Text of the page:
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Trauma Recovery: Wellness for Counselors and Teachers. Dr. Vaughn Millner. Objectives. As a result of this viewing this presentation, participants will be able to: Identify personal signs of compassion satisfaction and fatigue Examine various components of mental health

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objectives
Objectives

As a result of this viewing this presentation, participants will be able to:

  • Identify personal signs of compassion satisfaction and fatigue
  • Examine various components of mental health
  • Begin an individual wellness plan
helpers also cope with disaster and trauma
Helpers Also Cope with Disaster and Trauma

It is essential that as you care for others during disaster recovery, you take care of yourself.

How are you

  • Mentally?
  • Physically?
  • Emotionally?
  • Spiritually?
balance
Balance
  • Mind
  • Body
  • Spirit
stress at work 2005 wellness councils of america
Stress at Work (2005 Wellness Councils of America)
  • 40% of individuals say that job is “very” or “extremely” stressful
  • 43% of adults suffer health problems due to stress – about 90 million people
  • 75% to 90% of all visits to primary care physicians are stress-related
general adaptation syndrome hans selye
GENERAL ADAPTATION SYNDROME(Hans Selye)

When stress strikes, the following occurs:

  • Alarm Reaction. Prepares the body for flight or fight.
  • Resistance. Your body releases stress hormones. Blood pressure, heart rate, respiration, and body temperature increase.
  • Exhaustion. Body’s ability to adapt runs out.
burnout
Burnout
  • Condition of feeling “wasted physically, emotionally, spiritually, interpersonally, and behaviorally (MacClusky and Ingersoll)
three stages of burnout texas medical association
Three Stages of Burnout(Texas Medical Association)
  • Stress Arousal (persistent irritability, anxiety; high blood pressure; bruxism; insomnia; forgetfulness; heart palpitations; unusual heart rhythm; inability to concentrate; headaches)
  • Energy Conservation (lateness for work, procrastination; need 3 day weekends; decreased sexual desire; tiredness in mornings; turning work in late; social withdrawal; cynical attitudes; resentfulness; increased caffeine consumption; increased alcohol consumption; apathy)
  • Exhaustion (chronic sadness or depression; stomach or bowel problems; mental fatigue; headaches; desire to “drop out”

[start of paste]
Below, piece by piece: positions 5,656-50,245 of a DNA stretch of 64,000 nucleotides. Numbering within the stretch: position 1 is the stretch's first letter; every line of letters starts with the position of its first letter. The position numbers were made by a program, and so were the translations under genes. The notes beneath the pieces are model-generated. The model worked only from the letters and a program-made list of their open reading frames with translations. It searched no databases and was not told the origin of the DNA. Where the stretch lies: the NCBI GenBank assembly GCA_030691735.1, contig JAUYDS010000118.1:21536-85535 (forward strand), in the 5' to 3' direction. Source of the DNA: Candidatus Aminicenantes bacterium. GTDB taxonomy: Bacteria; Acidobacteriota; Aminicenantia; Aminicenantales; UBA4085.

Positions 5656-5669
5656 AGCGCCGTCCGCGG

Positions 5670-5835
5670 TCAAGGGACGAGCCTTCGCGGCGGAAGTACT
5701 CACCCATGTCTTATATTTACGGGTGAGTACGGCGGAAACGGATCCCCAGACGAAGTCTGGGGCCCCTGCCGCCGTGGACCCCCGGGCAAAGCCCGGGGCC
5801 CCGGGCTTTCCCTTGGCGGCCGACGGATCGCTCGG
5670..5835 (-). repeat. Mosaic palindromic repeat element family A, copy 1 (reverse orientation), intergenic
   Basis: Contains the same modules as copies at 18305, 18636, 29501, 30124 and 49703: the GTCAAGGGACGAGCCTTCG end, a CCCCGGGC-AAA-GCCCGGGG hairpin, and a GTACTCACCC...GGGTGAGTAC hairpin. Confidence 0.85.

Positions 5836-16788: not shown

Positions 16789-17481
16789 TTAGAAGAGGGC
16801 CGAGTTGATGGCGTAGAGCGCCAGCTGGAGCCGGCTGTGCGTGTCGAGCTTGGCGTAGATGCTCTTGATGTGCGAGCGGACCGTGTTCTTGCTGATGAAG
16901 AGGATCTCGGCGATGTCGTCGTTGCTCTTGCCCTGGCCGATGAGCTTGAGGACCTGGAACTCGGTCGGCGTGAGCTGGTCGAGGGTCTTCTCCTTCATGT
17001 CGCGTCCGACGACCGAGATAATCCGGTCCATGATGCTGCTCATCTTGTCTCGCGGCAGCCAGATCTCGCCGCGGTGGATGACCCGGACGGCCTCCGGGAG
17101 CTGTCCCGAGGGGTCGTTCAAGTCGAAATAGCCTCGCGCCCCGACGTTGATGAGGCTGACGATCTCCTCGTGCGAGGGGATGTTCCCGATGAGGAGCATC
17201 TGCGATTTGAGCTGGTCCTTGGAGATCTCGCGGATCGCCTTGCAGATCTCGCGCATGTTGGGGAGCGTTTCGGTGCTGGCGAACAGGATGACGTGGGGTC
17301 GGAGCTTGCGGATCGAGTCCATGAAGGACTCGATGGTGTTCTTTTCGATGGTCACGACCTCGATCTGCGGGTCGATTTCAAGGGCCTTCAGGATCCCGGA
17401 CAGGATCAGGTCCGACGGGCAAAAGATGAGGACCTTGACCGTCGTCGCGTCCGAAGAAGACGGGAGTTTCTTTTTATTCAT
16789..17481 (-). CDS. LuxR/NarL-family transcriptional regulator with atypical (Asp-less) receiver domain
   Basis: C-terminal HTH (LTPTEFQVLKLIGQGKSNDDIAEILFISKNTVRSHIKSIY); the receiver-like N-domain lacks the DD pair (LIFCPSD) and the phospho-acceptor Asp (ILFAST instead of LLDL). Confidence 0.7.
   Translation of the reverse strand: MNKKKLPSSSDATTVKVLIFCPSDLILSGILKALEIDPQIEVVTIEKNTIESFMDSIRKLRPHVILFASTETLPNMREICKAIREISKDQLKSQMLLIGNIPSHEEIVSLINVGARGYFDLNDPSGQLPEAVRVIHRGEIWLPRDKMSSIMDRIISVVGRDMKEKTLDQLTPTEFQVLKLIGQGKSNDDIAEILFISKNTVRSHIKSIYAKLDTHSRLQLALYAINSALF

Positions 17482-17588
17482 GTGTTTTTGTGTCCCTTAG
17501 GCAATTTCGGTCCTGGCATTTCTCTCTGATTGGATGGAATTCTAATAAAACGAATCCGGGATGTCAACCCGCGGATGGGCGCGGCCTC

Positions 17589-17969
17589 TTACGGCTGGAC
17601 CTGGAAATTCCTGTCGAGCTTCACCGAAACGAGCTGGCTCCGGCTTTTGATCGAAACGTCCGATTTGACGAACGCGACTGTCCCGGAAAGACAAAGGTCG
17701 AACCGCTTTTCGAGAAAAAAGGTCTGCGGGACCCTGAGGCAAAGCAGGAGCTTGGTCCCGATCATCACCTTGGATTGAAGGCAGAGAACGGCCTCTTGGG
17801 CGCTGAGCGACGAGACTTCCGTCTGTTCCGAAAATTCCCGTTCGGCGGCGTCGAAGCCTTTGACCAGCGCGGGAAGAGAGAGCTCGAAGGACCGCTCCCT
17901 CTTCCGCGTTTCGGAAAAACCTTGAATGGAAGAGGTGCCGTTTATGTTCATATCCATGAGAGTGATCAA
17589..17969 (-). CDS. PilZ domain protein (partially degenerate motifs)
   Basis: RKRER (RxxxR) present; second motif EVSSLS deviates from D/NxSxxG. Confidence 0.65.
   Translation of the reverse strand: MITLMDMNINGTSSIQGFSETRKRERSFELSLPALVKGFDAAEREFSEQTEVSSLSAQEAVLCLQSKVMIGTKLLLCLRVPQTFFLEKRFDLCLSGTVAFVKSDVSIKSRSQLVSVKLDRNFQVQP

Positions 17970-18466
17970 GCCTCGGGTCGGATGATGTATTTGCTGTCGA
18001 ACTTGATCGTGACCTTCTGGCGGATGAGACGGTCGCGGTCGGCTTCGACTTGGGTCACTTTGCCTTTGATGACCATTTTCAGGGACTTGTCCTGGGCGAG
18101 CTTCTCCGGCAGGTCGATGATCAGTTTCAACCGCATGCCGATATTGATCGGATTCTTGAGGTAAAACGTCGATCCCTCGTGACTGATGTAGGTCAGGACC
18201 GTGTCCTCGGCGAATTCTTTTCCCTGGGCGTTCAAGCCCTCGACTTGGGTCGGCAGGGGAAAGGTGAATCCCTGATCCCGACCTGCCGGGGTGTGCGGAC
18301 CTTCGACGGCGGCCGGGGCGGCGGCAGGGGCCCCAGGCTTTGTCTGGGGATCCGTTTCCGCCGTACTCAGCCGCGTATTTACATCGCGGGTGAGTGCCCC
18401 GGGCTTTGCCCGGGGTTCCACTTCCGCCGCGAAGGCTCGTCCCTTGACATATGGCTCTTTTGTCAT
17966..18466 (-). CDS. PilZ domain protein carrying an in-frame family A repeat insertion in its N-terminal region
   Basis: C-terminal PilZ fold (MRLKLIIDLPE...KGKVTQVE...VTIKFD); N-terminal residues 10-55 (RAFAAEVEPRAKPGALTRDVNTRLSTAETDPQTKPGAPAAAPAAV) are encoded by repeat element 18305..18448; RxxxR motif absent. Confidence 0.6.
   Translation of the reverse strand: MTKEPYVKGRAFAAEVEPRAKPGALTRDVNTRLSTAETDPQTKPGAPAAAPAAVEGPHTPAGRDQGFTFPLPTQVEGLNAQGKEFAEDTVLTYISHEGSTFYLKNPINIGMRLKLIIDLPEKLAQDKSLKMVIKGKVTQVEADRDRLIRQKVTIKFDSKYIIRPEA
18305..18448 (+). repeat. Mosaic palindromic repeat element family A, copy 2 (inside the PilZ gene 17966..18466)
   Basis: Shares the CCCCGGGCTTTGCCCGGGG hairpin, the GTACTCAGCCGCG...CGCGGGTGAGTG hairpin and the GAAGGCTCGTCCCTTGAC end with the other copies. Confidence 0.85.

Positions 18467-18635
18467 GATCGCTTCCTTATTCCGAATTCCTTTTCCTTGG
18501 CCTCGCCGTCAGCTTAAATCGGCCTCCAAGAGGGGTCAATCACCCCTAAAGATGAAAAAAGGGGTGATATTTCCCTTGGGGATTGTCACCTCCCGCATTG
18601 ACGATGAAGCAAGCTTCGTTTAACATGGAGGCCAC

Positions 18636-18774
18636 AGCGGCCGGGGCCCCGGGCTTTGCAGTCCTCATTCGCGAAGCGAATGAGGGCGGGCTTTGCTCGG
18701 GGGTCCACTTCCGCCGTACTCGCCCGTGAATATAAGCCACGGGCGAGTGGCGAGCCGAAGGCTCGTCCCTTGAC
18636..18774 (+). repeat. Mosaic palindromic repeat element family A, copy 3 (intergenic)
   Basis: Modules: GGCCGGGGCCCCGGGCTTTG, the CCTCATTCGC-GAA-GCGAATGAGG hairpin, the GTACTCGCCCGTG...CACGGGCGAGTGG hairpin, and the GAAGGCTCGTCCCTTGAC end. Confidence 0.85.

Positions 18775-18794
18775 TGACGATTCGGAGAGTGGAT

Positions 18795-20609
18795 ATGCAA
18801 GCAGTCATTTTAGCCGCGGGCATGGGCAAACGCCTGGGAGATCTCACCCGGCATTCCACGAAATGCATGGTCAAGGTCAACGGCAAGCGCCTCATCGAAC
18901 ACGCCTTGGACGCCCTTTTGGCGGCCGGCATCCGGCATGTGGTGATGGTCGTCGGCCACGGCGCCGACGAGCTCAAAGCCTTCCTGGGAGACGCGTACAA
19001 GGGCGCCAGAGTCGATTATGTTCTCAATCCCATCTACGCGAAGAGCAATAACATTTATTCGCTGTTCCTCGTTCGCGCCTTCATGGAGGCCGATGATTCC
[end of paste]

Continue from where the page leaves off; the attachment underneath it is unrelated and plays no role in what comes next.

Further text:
burnout results in
Burnout results in:
  • Exhaustion
  • Cynicism
  • Tense exchanges with others including students Particularly impacts those in caring professions
  • Low level, chronic fuzziness of caring for others to feeling emotionally “numb”
compassionate caring
Compassionate Caring
  • Compassionately caring for others without taking time for self is a recipe for burn-out.
  • The higher your level of conscientiousness, the higher the danger of burnout (American Academic of Family Physicians, 1997).
secondary traumatic stress sts sometimes called compassion fatigue or vicarious traumatization
Secondary Traumatic Stress (STS) (sometimes called compassion fatigue or vicarious traumatization)
  • Risk related to empathy with another’s traumatic information
  • Can result from hearing emotionally shocking material from others over time
  • Can result in depression, insomnia, loss of intimacy; “numbing” of feelings
watch for these signs
Watch for these signs:

BEHAVIORAL

  • Clock watching
  • Postponing contact with children
  • Postponing returning phone calls
  • Generalizing others (Example: When faced with a few children misbehaving in the classroom, thinking “They’re all the same”)
  • Increased use of drugs to control mood/sleep
  • Marital conflict
  • Absenteeism
watch for these signs1
PSYCHOLOGICAL

Resistance to going to work every day

Sense of failure

Feelings of resentment

Feelings of discouragement or indifference

Negativism

Self-preoccupation

Feelings of powerlessness

Rigidity in thinking and resistance to change

Anxiety

Depression

Feelings of guilt and blame

Suppressing emotion

Suppressing problems

Refusing to handle stress effectively

Difficulty in saying “no”

Assuming additional responsibility

Sacrificing personal life for work

Watch for these signs:
watch for these signs2
Watch for these signs:

PHYSICAL

  • Tired during workday
  • General fatigue
  • Exhaustion
  • Sleep problems
  • Frequents colds and/or flu
  • Frequent headaches
  • Frequent gastro-intestinal problems
  • Frequent aches and pains
  • Long time to rebound in enthusiasm and energy about work
helper traits and burnout
Helper Traits and Burnout
  • Fragile self-esteem
  • Lacking intimacy in personal life
  • Isolation
  • Need to rescue others
  • Need for reassurance about self worth
  • Substance abuse
avoiding compassion fatigue burnout
Avoiding Compassion Fatigue & Burnout
  • Increase personal capabilities
  • Enhance support systems
meeting your needs
Meeting your needs
  • After trauma, the school system will attempt to meet students’ basic needs, such as providing physiological support and a sense of safety. The school and you also help to provide a sense of belonginess to students. Remember: you have these needs, as well.
  • Getting your needs met results in you:

a. Feeling self-determined

b. Interpersonally connected

c. Feeling competent

assume personal responsibility
Assume Personal Responsibility

Compassion fatigue can be avoided.

  • Main Optimism
  • Take control over personal well-being. No one will do this for you.
  • Make wise choices through each day.
  • Take personal action. Do not put off taking care of self.
wellness focus
Wellness Focus
  • Recognize the signs and symptoms
  • Correct thoughts and attitudes that are hurting you. (Example: Change “I can’t keep doing this” to “I can do most things over a brief period of time. I really do care about others.”)
  • Talk to responsive and responsible colleagues
  • Be assertive; set limits; learn to say “no”
recovery
Recovery
  • Listen to your body.
  • Reassess your values.
  • Pace yourself.
  • Take care of your body.
  • Maintain your sense of humor.